The Pentagon has supported protections for deployed troops facing custody disputes, Wright said, including giving them the power to request a delay of at least 90 days in child custody proceedings. President Bush signed such a measure into law in January. Wright said the military has also stepped up programs to help service members and their families cope with the stresses of deployments through counseling.
More than 20 states have passed legislation over the past two years to limit the impact of deployments on custody decisions.
“More states are recognizing the need for statutes which protect the rights of service members and their children,” said Sullivan, who helped write North Carolina’s statute.
The states’ approaches vary, but several prevent deployment from being a factor in determining or modifying custody. In a statute passed this year, Virginia bars any permanent change in custody while a service member is deployed.
Still, such protections are incomplete and do not exist in the District and more than 20 states, including Maryland — which killed a bill similar to Virginia’s in a House committee this year — and Georgia, where Greer’s custody hearing took place.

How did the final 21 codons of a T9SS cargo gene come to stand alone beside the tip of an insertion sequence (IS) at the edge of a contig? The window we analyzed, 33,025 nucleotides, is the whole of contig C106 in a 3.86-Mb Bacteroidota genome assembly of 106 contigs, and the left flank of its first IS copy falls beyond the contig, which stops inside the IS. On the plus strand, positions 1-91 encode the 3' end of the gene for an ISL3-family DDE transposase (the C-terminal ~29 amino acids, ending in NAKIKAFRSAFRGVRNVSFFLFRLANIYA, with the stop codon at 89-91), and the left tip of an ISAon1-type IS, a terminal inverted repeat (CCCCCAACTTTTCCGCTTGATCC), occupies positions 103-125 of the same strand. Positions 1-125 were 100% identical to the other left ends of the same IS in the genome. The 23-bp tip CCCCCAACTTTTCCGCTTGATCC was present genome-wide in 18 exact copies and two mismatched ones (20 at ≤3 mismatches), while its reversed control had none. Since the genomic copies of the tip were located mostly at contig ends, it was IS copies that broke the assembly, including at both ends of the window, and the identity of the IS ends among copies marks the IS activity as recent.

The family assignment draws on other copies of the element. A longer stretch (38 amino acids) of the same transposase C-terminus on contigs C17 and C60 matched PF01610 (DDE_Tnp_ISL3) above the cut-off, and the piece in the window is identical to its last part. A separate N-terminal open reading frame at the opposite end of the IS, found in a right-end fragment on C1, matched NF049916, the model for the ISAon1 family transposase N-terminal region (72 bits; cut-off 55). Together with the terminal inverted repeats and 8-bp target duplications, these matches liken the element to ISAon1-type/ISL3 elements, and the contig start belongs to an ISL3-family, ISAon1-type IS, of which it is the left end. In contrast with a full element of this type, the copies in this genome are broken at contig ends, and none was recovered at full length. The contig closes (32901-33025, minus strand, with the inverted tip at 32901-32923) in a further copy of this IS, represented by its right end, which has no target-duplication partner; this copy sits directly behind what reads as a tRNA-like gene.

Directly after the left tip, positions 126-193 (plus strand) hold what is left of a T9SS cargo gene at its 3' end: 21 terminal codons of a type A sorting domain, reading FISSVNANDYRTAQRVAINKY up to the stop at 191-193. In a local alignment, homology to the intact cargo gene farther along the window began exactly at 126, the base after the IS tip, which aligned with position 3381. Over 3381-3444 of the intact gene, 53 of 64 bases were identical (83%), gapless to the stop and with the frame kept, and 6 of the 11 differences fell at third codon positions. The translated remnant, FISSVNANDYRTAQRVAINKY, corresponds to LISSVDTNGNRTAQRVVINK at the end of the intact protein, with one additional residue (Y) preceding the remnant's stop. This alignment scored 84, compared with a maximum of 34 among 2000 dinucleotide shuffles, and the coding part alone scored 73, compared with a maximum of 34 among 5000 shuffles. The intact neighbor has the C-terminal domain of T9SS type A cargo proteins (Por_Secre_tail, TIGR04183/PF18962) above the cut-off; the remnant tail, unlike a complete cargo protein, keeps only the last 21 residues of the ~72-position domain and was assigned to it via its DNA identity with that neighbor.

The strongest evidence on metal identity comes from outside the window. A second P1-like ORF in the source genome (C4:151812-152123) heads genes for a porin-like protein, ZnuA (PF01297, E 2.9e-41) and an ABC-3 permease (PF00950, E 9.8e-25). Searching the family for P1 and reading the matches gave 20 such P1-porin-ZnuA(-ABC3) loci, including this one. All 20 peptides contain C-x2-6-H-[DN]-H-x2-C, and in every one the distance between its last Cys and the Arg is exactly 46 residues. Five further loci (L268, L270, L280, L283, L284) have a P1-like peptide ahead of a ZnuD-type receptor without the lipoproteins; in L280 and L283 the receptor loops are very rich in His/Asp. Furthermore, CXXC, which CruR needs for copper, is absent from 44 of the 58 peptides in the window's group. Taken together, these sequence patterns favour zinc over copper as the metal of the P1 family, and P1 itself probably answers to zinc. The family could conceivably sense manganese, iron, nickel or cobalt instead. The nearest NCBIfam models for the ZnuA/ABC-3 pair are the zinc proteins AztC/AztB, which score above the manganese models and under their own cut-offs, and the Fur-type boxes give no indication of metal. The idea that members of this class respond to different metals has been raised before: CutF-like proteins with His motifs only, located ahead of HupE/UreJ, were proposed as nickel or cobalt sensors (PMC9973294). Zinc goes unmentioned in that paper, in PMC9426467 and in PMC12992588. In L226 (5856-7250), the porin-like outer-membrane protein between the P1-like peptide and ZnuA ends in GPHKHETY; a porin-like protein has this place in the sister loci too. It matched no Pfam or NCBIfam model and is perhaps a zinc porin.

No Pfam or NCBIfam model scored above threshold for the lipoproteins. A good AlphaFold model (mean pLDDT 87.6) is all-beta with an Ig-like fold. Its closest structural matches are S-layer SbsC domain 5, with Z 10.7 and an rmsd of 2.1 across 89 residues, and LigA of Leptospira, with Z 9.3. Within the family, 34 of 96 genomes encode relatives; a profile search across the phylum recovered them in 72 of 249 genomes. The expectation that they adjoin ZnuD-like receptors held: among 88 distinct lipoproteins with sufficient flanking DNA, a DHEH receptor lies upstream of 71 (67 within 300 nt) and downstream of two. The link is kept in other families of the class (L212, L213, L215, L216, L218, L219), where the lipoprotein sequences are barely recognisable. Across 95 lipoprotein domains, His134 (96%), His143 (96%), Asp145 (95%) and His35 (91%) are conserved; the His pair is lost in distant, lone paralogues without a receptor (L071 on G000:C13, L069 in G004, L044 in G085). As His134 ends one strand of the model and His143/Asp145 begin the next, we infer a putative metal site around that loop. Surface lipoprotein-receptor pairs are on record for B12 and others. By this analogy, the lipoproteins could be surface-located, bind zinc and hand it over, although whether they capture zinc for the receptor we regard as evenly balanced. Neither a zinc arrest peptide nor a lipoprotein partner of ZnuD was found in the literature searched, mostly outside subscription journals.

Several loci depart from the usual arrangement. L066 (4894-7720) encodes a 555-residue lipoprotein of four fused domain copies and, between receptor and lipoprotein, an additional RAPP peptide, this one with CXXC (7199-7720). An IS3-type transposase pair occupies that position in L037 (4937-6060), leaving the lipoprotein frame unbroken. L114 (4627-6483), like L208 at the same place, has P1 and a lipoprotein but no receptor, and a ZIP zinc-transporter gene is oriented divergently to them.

Congress is expected to hold hearings on the issue next year. Meanwhile, experts said, many cases fall through the cracks, such as that of Army Staff Sgt. Dan Diaz.
Diaz gained temporary custody of his daughter, Talia, in February 2002 because her mother was unfit, Diaz said. But when he deployed to Iraq with his engineer battalion in April 2003, he had to delegate joint custody to his mother and Talia’s mother. When he came back, Talia’s mother refused to return the child.
This year, Florida enacted a statute saying that courts should reinstate custody decrees in place before deployment, but for Diaz, the change came too late.